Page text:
Review by Michael Jacobson
Stars: Claire Danes, Steve
Martin, Jason Schwartzman
Director: Anand Tucker
Audio: Dolby Digital 5.1
Video: Anamorphic Widescreen 2.35:1
Studio: Buena Vista
Features: See Review
Length: 106 Minutes
Release Date: April 25, 2006
“Why don’t you love me?”
It occurred to me while watching Shopgirl why soap operas are so popular. Yes, they’re generally over-the-top, cheesily written and marginally acted, but they’re also as far from real life as you can get for most people. And distance from reality equates to entertainment.
Shopgirl is a movie that wallows in reality. The way the characters talk, think, act and feel…all real. Coming from the mind of Steve Martin, who adapted the screenplay from his own novella, Shopgirl is a very insightful movie. In fact, all it really has to offer is insights. The story doesn’t progress from one dynamic moment to the next, but from insight to insight.
Claire Danes, she of the angular girl-next-door kind of beauty, is the highest apex of the movie. She plays Mirabelle, an aspiring artist who left Vermont for Los Angeles and now works as a shopgirl at Saks Fifth Avenue while hoping for her fortunes to turn. She’s the embodiment of how, in a city like L.A. with millions of people, it’s easy to feel overlooked and lonely as you go about your life.
Two men enter the picture. The first is Jeremy (Schwartzman), a fellow artist with no social skills and needing a neon sign over his brain that reads “permanent vacancy”. He makes his move on Mirabelle in a laundromat of all places, gets a date with her, does everything as wrong as can be done, yet she awkwardly consents.
The second is Ray (Martin himself), an older, more successful man who buys a pair of gloves from her at the store and they end up at her front door with a note asking for a date. Ray likes Mirabelle, but makes it clear he’s not looking for Miss Right, but Miss Right Now. Whilst the clueless Jeremy ends up on a road trip with a band (did I mention he designs logos for amplifiers?), Ray shows Mirabelle a thing or two about the finer things in life. And a thing or two about the realities of it as well.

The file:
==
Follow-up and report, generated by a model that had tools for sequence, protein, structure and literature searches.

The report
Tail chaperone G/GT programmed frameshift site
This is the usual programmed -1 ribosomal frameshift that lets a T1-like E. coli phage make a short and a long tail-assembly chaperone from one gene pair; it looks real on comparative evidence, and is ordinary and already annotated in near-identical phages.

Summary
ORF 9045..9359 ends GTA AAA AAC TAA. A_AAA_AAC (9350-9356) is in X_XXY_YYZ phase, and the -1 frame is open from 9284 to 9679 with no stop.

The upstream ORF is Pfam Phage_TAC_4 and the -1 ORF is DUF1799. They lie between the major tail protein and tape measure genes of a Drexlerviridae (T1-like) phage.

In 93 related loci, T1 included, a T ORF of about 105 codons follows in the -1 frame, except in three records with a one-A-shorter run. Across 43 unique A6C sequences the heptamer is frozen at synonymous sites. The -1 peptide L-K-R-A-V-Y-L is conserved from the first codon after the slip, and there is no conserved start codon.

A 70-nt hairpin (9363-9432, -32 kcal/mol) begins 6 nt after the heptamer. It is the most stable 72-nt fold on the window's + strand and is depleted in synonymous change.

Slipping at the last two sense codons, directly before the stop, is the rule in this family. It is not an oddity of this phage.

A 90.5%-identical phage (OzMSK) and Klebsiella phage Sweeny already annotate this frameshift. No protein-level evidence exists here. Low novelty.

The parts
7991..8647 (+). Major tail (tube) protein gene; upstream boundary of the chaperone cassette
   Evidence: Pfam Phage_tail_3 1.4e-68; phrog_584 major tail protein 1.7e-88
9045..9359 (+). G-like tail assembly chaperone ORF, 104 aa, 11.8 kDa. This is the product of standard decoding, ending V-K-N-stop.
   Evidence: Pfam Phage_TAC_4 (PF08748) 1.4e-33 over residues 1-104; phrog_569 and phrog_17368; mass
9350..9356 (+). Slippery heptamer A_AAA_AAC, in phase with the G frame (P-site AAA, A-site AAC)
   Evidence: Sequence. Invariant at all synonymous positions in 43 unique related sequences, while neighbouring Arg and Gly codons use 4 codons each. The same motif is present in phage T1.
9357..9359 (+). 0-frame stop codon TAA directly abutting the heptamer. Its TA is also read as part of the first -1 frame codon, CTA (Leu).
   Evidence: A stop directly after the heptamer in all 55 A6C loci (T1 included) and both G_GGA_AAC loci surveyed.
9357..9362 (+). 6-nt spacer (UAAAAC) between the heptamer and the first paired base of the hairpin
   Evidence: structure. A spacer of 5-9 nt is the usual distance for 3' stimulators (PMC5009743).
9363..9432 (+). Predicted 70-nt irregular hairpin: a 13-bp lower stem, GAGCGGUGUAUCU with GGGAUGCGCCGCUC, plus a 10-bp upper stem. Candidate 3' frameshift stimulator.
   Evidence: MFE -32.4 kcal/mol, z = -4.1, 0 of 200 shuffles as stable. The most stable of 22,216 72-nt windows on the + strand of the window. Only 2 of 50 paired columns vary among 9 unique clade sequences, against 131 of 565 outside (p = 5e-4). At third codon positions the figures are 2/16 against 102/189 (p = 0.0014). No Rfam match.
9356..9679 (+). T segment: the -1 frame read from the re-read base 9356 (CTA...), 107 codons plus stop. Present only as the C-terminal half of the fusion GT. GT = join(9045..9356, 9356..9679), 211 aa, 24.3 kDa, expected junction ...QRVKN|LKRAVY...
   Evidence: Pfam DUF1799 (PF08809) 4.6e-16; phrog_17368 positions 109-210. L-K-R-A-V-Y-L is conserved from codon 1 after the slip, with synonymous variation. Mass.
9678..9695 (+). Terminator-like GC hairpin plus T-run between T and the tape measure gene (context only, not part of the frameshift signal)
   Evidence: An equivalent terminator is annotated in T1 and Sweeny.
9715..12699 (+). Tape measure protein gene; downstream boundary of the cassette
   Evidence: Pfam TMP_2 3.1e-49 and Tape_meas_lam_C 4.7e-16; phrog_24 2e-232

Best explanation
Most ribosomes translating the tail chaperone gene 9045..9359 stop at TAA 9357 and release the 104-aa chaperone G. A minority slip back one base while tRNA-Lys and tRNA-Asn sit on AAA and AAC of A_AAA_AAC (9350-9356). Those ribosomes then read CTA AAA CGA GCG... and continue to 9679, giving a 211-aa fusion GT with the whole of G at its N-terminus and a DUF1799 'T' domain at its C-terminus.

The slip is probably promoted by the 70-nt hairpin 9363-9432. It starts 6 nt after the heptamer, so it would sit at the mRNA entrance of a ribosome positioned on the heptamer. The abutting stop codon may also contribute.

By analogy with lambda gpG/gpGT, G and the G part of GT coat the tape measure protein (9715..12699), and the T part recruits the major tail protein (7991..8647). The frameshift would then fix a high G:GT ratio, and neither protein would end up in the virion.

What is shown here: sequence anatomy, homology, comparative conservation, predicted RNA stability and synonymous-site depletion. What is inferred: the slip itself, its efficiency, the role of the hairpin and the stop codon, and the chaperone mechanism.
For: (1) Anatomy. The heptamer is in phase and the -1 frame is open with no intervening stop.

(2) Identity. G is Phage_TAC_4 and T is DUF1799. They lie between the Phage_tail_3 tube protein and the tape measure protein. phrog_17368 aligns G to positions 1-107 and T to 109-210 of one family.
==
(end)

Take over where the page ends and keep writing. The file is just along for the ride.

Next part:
There isn’t a false moment in the movie; that’s a plus. But the minus is that it feels so much like life that you might see too much of your own pains and problems in the characters…or if not, you might feel like you could have just as easily spent time alone in a restaurant just observing everybody and listening in on their conversations and gotten the same results. There are naturally humorous moments and naturally sad ones, but as in life, they seem random, and perhaps meaning can only be ascribed to them after the fact.
Steve Martin is a supremely gifted writer. I think I might have enjoyed reading his short novel better than watching it played out as a feature film. Movies that have to interject every so often with omniscient third person spoken narrative always feel a little problematic to me. Which is, I suppose, why many books don’t translate well. If you cut the words, you cut a lot of the heart, and if you leave them in, they get in the way like rude obstacles.
As mentioned, the real treat of the film is Ms. Danes, who turns in one of her finest performances. Because of her, we do feel for Mirabelle, even if it seems like we just happened to stumble in to her life haphazardly at this particular moment in time.
I guess art can imitate life. But for many of us, life is not like the movies. Maybe the movies should return the compliment.
This is a lovely looking transfer from Buena Vista, one that showcases Los Angeles in all its sunlit and streetlit glory. I noticed one particular dark sequence that showed a bit of grain, but apart from that, it was clean and clear sailing all the way.
The 5.1 audio is dialogue-driven, and as such, isn’t too demanding on your system. The only dynamic range occurs during some bits of music. Apart from that, the spoken words come through cleanly, which is really all you hope for with a film of this nature.
The extras include a commentary with director Anand Tucker (but sadly, no Steve Martin), a pair of deleted scenes, a making-of featurette and some previews.
Shopgirl is literal to the point of not being daring enough. It observes and contemplates but doesn’t engage, and doesn’t take audiences to many conclusions we haven’t already drawn in our own experiences. Steve Martin said his first impulse was that his novella wouldn’t make a good film. His instincts are sharp; he should trust them in the future.